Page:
So, he prefers to sleep rough and has done for a long time. He isn't on smack, crack, Jack Daniels or even Scrumpy Jack. He chooses to live as a rough sleeper because he has seen all there is to see of Brighton's accommodation for the homeless and life is genuinely more pleasant and safe outside.  He even camped out for a while near 'millionaires row' where Brighton's celebrities reside, like Fat Boy Slim a.k.a Norman Cook, who started out in The Housemartins and went on to become a very rich local DJ.

All he did was camp on the beach near the millionaires and lit a campfire, slept out there with a placard demonstrating against Brighton's squalid and corrupt hostels system and the millionaires called the police on him and made repeated efforts to have him removed from the beach!  Nice! God forbid that millionaires should see such eyesores as the homeless outside their windows! All I can say is, thank God the Occupy Brighton people let him sleep in his tent there and he has a nice fire he can warm himself by. Good on them!

Meanwhile, please pray that I will not be possessed by the spirit of '68, or if I am, to be exorcised of it soon so that I do not join these young idealistic children of the revolution in their fight against enemies both 'visible and invisible'. Say a prayer for them. They mean well. One of them even works at Domestic and General. The homeless man said that this camp is being treated very leniently and that if the homeless had tried this camp city (yes I know its already a camp city) then police with batons and tasers would have been in before the fire could be stoked.

The idealistic young people will most likely eventually quit the camp within the year (that's the 99% of them who do have flats) and ten or twenty years down the line vote Conservative. The 1% of the camp that is genuinely homeless are the real deal. Their stories, I believe, should be reported more. Aside from that, I think that the Occupy movement is just an excellent excuse for young left-wing people to feel 'good', chat, make friends and sing songs by a campfire like, presumably, their parents did. I came home to my nice warm flat, ate some nice warm pate on warm toast, had a nice hot cup of tea and now I'm going to my nice warm bed. Tomorrow morning, like many of the radicals of Occupy up and down the country, I'll have a nice warm shower, some nice warm lunch after Mass and maybe pop over tomorrow evening to chat with them again to warm myself by the fire like St Peter denying his Lord. Gosh, now this is what I call my kind of a revolution! I get to keep living as I have been and watch the World change before my very eyes! Right, bedtime, but first I'm going to listen to the proper Catholic legend, Bruce Springsteen, one more time. "Tramps like us, baby we were born to ruuuuuuuuuun!" Incredible...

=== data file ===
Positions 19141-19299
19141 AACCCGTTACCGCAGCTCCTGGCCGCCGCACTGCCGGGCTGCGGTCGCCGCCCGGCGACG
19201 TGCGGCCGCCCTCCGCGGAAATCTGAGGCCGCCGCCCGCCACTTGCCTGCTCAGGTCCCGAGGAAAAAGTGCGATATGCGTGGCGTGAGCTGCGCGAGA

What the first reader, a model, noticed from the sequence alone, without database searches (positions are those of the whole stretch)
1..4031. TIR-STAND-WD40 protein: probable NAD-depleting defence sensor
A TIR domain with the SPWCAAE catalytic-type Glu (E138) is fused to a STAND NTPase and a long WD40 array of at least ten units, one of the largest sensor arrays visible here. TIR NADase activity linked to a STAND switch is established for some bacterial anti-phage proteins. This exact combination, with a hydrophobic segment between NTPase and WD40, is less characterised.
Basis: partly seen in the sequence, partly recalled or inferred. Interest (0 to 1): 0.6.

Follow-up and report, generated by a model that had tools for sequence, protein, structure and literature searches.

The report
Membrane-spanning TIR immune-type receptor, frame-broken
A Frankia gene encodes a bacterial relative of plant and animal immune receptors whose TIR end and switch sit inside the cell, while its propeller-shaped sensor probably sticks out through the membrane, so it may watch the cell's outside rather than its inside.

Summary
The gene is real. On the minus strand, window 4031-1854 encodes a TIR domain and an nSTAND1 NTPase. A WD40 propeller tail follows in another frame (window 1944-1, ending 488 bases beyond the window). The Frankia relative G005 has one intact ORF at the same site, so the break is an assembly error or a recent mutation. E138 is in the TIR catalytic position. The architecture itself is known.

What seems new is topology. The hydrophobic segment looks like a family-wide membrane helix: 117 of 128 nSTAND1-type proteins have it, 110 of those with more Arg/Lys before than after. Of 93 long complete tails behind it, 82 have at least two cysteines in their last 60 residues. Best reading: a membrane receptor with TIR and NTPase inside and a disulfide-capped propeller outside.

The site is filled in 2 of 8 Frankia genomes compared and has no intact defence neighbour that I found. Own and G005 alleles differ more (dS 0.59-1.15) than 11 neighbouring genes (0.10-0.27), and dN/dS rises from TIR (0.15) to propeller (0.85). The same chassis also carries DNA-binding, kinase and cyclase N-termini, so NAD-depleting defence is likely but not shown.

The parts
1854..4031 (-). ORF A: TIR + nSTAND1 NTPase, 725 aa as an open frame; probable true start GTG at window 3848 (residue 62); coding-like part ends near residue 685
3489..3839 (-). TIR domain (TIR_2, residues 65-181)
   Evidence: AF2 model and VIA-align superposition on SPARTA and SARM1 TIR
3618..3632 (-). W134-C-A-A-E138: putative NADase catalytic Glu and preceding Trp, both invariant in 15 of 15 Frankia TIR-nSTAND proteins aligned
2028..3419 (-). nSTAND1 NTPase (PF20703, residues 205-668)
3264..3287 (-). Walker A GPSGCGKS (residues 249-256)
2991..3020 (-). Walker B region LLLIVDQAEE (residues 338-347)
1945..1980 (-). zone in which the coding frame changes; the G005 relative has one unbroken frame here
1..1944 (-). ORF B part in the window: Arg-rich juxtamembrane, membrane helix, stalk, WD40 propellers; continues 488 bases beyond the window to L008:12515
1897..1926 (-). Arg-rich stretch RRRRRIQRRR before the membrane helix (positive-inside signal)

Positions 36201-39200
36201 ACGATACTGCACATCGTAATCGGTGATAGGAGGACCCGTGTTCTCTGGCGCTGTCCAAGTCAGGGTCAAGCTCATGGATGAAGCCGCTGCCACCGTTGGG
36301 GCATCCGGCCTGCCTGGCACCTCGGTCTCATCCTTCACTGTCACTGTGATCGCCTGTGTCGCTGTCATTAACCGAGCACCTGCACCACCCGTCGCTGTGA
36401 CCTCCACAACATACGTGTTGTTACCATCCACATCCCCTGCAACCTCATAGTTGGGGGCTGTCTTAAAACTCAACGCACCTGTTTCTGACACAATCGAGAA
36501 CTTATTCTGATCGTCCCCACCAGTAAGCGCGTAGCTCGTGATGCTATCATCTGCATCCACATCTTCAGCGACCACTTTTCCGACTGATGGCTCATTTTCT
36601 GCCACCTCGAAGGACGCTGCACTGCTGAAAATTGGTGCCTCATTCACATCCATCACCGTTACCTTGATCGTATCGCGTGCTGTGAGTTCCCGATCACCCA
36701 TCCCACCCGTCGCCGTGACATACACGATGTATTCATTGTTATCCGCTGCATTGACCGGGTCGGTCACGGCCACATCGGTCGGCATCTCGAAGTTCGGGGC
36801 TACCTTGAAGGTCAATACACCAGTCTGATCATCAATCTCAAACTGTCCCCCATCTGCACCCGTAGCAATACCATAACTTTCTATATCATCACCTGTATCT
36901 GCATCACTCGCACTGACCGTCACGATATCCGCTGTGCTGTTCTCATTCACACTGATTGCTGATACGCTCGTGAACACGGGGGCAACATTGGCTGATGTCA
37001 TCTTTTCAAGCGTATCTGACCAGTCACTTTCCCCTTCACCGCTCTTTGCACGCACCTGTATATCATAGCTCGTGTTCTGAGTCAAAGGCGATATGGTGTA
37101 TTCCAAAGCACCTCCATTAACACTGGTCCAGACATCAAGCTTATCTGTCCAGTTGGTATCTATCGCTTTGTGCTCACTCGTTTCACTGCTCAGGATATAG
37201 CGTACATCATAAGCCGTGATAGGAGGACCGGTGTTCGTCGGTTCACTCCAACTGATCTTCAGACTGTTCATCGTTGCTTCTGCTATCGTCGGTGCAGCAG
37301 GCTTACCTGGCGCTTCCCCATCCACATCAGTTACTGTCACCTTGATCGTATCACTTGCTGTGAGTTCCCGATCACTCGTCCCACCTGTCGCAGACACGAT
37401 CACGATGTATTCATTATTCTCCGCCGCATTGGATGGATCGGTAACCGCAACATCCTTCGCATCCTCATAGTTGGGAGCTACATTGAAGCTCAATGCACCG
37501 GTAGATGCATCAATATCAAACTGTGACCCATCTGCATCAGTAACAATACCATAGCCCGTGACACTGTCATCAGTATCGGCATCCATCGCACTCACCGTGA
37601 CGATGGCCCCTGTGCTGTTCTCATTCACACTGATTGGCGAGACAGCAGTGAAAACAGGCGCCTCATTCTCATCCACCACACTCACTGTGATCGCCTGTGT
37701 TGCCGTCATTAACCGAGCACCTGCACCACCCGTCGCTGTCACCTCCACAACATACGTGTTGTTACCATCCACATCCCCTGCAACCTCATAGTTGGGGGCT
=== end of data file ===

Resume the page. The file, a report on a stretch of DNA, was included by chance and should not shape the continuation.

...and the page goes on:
One last thought on Occupy. Somehow, we have to communicate to the Occupy movement that with only one or two exceptions, great mass movements that push God to the periphery or exclude Him are either doomed to fail or result in some kind of tyranny.  St Francis of Assisi and Blessed Theresa of Calcutta show us that we can only change the World for the better when we ask for Divine Help and when we are servants of God, rather than masters of human affairs. If all men and women in Parliament and the banking industry served God, then our current climate, let's face it, may perhaps be a little different.

Comments

Fortiter Pugnem said…
I understand that all of these people mean well, and that the young will change their minds. However, I was recently outside of a Federal Reserve building in the US and the same thing- about thirty tents and three Weber grills, but only six people actually present.
Four of them looked like they had just come from the backwoods and hadn't shaved in some thirty-odd years. They kind of reminded me of Hank Williams Jr... oh wait, this is Britain.
The other two were 40ish and were regular looking homeless people. So much for my local media reports on young Occupy people.
Great post and thoughts! And great song! God Bless!
Hughie said…
Reminds of the late Social Democrats's rally in the West End of Glasgow (more years ago than my alcohol intake in my youth allows me to remember);
Lead: "What do we want?"
Marchers: "Radical change!"
Lead:"When do we want it?"
Marchers: "In due course."
umblepie said…
Another great post, thanks.